Silk Road is a vibrant account of Kenneth Canatsey’s travel to the ancient trade routes between Europe and China, where exotic cultures and brutal living conditions reshaped his first-world perspective.
After graduating from college in 1966, Canatsey hitchhiked to New York City to escape the boredom of his comfortable, Southern California life. In New York, he soon married, and he and his wife used their wedding gifts to fund six months abroad.
Given that this was the ‘60s, however, the trip evolved from a grand tour of art and antiquities into an extended and random, drug-clouded ramble along the so-called Hippie Trail linking Istanbul and India. Although not especially religious, the pair joined the cultural zeitgeist in pursuit of spectacular hashish and spiritual teachers in towns as remote as Kathmandu, Tehran, and Aurangabad, India.
Canatsey spent more than four years of aimless travel on a shoestring. During this time, his wife left him and he spiraled downward until hitting bottom, too sick and broke to return home. His mother finally paid his way, and he began slowly rebuilding his life in America.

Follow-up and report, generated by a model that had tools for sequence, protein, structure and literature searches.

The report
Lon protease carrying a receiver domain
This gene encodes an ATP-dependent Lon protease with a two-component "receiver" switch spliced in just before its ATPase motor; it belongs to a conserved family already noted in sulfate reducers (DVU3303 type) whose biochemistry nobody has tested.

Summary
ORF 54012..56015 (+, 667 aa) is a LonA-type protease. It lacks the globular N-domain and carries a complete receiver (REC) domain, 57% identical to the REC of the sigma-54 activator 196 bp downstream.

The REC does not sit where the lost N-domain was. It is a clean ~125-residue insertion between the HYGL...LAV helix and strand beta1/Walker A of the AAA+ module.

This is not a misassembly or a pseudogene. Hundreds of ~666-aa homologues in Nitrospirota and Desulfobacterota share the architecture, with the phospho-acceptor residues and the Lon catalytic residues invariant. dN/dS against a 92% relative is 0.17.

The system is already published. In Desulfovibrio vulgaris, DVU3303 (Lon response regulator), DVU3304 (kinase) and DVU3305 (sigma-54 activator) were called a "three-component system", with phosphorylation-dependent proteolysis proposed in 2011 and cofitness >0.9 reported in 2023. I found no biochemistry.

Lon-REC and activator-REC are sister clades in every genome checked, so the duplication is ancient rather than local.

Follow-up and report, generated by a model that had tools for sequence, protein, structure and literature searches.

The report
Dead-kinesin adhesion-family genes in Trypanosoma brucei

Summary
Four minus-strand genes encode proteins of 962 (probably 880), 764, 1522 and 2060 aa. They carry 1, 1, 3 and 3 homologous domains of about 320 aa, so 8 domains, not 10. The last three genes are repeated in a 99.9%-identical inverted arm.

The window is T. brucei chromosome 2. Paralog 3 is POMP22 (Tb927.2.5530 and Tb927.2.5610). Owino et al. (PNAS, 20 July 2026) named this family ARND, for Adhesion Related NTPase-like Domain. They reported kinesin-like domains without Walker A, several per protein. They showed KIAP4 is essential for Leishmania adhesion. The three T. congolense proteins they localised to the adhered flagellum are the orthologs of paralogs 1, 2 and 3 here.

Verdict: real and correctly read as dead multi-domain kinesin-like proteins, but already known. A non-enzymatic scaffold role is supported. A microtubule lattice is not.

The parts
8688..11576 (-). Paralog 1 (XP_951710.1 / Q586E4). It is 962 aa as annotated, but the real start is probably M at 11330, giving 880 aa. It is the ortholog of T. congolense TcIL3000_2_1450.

The book is comprised of brief journal entries that provide captivating snapshots of the couple’s life as nomadic “globetrekkers” who quickly bonded with fellow travelers. Exquisitely detailed and skillfully written, with convincing dialogue, Canatsey’s sketches document the heartbreaking end of his marriage and his transformation from idealistic youth to desperate drifter grappling with the Third World challenges of crime, disease, poverty, loneliness, and hopelessness.
It’s unfortunate that the stories lack an overall purpose to lend the narrative more urgency. The recollections eventually become monotonous because they lack suspenseful foreshadowing of what’s ahead and self-reflections on what Canatsey learned along the way. More penetrating insights would have pushed his story to the highest level.
As is, however, it remains a highly worthwhile read. For those who remember the turbulent ‘60s, Silk Road provides a magic carpet ride through one of the era’s most legendary subcultures.
Also available as an ebook.